Stop now, and flash back a dozen years when a book called The Mystery of Romans appeared out of nowhere, written by an unknown scholar who was about to show the world he meant business. Knowing that the “mystery” of Romans hinged on Paul’s concern for unbelieving Israel (Rom 11), Nanos saw Rom 14-15 as the practical application of this. The “weak in faith” in Rome were non-Christian Jews, weak because they lacked faith in Christ, not because they followed the works of the law. The language of Rom 14-15 couldn’t be clearer: those who observed purity laws, fasting, and sabbath should be “fully convinced in their own minds what is right” (Rom 14:5) and should continue “observing sabbath in honor of the Lord” (Rom 14:6a) and “abstaining from meat in honor of the Lord” (Rom 14:6b).
Paul in fact wanted the (Gentile) Roman Christians to accommodate unbelieving Jews as a means of attracting them to Christianity: “If your brother is being injured by what you eat, you are no longer walking in love” (Rom. 14:15). “It is good not to eat meat, or drink wine, or do anything that causes your brother to stumble” (Rom. 14:21). Note again the unusual application of “brother” for an unbeliever. Paul wanted the strong to accommodate the weak and “not please themselves” (Rom. 15:1), so that, hopefully, more Jews would embrace Christianity and both groups could worship as “one voice” (Rom. 15:5-6). The Jews weren’t weak in practice or opinions, in Paul’s view, but in faith — refusing to believe that Israel’s redeemer had arrived and inaugurated the messianic age.
And at this point Nanos played a monster hand. He went back to Paul’s theology (Rom 2-11) to find confirmation of his interpretation, and found it in Rom 4:19-25:
“Abraham did not weaken in faith when he considered his own body, which was already as good as dead (for he was about a hundred years old), or when he considered the barrenness of Sarah’s womb. No distrust made him waver concerning the promise of God, but he grew strong in his faith as he gave glory to God, being fully convinced that God was able to do what he had promised. Therefore his faith was reckoned to him as righteousness. Now the words, ‘it was reckoned to him’, were written not for his sake alone, but for ours also. It will be reckoned to us who believe in him who raised Jesus our Lord from the dead, who was handed over to death for our trespasses and was raised for our justification.” (Rom 4:19-25)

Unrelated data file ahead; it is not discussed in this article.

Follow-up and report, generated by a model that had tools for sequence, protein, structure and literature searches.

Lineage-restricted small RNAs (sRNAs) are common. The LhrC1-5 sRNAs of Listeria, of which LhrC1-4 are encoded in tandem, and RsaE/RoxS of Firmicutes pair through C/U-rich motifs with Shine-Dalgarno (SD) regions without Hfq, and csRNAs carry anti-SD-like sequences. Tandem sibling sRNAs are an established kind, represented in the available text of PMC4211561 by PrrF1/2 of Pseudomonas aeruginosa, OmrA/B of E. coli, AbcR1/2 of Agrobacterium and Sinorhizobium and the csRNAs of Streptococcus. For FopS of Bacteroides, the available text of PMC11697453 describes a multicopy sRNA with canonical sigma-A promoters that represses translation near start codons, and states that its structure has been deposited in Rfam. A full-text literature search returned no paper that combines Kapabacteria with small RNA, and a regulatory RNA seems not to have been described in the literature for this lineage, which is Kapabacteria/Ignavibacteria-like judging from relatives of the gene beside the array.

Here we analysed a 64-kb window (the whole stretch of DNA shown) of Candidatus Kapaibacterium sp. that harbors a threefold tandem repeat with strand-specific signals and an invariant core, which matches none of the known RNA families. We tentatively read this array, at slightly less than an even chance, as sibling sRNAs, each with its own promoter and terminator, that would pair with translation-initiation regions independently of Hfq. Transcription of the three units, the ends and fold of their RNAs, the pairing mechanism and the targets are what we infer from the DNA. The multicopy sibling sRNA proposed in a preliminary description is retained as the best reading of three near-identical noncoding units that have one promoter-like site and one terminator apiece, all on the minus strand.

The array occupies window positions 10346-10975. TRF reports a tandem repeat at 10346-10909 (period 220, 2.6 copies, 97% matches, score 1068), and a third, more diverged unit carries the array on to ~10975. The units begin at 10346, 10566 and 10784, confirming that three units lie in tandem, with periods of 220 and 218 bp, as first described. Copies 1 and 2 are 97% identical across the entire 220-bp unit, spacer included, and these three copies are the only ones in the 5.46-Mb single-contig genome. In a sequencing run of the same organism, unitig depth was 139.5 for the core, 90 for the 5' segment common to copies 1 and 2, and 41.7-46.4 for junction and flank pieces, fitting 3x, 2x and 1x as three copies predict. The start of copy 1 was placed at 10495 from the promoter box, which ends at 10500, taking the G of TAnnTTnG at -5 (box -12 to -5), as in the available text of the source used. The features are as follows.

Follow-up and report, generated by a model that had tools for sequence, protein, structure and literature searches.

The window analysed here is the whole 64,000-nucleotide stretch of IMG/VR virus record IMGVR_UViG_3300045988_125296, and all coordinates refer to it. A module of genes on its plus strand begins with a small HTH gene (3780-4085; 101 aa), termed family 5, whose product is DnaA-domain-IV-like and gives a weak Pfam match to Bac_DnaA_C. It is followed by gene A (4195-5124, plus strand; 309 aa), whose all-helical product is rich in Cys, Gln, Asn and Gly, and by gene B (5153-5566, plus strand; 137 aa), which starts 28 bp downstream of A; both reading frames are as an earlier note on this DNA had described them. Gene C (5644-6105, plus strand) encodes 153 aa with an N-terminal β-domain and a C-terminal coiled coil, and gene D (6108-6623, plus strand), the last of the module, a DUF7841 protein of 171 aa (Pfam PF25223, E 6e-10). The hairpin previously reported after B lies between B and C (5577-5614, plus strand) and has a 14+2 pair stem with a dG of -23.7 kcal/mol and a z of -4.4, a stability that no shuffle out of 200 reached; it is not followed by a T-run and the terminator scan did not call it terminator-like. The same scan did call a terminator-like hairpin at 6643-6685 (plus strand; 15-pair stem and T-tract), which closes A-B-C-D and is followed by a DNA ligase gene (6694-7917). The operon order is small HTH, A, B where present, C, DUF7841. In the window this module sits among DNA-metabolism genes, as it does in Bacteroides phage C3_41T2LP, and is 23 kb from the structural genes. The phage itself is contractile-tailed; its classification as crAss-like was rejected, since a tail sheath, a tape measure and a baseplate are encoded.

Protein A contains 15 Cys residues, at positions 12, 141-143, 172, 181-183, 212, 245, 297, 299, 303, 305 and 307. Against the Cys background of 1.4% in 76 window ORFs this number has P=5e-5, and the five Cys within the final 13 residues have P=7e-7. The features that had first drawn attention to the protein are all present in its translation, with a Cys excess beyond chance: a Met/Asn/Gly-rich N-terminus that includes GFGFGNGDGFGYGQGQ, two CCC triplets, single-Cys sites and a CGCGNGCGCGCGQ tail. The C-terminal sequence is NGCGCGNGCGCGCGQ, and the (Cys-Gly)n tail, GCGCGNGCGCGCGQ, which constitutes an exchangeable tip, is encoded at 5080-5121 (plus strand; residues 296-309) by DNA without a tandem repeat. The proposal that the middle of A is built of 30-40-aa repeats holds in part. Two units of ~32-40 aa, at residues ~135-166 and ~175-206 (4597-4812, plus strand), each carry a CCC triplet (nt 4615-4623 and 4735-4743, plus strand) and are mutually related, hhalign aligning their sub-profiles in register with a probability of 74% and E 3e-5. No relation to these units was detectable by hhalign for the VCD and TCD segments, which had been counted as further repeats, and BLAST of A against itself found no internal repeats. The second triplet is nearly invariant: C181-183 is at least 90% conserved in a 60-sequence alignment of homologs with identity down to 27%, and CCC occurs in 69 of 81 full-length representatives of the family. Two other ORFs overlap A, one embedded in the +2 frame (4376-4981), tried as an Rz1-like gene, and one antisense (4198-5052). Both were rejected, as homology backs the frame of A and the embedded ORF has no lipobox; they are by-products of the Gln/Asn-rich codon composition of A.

There again, under our noses. Being weak in faith, for Paul, had nothing to do with Torah-observance (the subject of Rom 3:21-4:17) but rather a doubt in God’s ability to give life to the dead. Just as Abraham was strong for believing that Isaac would be born from a dead womb, the Romans are strong for believing that Jesus was raised from a dead corpse. The strong are believers, the weak unbelievers, by definition.
Fast-forward back to the present, where we just saw Nanos play another power hand with I Cor 5:9-13. That passage confirms what I Cor 8 implies (as Rom 4:18-25 does for Rom 14-15). The knowledgeable are Christian, the weak non-Christian, and the former should cater to the sensibilities of the latter (and expel their own kind from the assembly). After all, Paul wanted to convert as many people as possible before the world’s end (and subsequently keep the faithful under an iron fist). He didn’t want Christians broadcasting their freedoms. Eating idol food would cause confusion among potential converts, just as eating meat alienated the heirs of Israel. It was inherently dangerous besides for involving a relationship with evil forces (in the hands of pagans) that should be avoided (I Cor 10:14-22) (see pp 18-19). Outsiders should be massaged, insiders held to unbending standards.
Perhaps it is this conclusion, more than anything else, which makes commentators resist the idea that the weak were pagans (my third reason). That Paul had a dual standard — the lenient one reserved for unbelievers — could arouse unease. But as Nanos points out, Paul is candid about his willingness to become “all things to all men” in order to save them (I Cor 9:19-23). Deception was his hallmark. I doubt Nanos would care for putting it that way, but another Mark, Mark Given, argues that Paul thought people must be “deceived for their own good”. That’s why he acted like a chameleon, to the Jew arguing like a Jew, to the Gentile like a lawless pagan, and to the polytheist like one with idolatrous sensibilities (p 32).
It must also chafe some people that Paul insists on not judging outsiders (leaving that to God), while coming down so hard on the faithful (I Cor 5:9-13). But again, that’s a staple of zealous charismatics: put on a smooth front to the outside world, make conversion appealing, then show your true colors on the inside. I don’t intend that as a criticism (like any pastor, Paul had to keep his flock in line), just an observation which when appreciated allows us to read the identity of the weak properly.
Nanos has shown that in two letters (Romans and I Corinthians) Paul urged Christians to forsake their freedoms in the company of outsiders. For the Romans that meant accommodating Jewish sensibilities (abstaining from meat) in hopes that unbelievers would see Christianity compatible with their Israelite heritage. For the Corinthians it meant acting (abstaining from idol food) so that pagans wouldn’t misunderstand Christianity as a syncrestic religion — or perceive its followers as hypocrites — and compromise monotheism. Unlike Nanos, I believe these were largely deceptive strategies. The apostle really believed that the law was finished, and the best it ever had to offer was available by another route (the spirit); that pagan deities had nothing on the One, regardless of what one ate. At the same time, they were realistic strategies and commendable, perhaps, for that reason alone.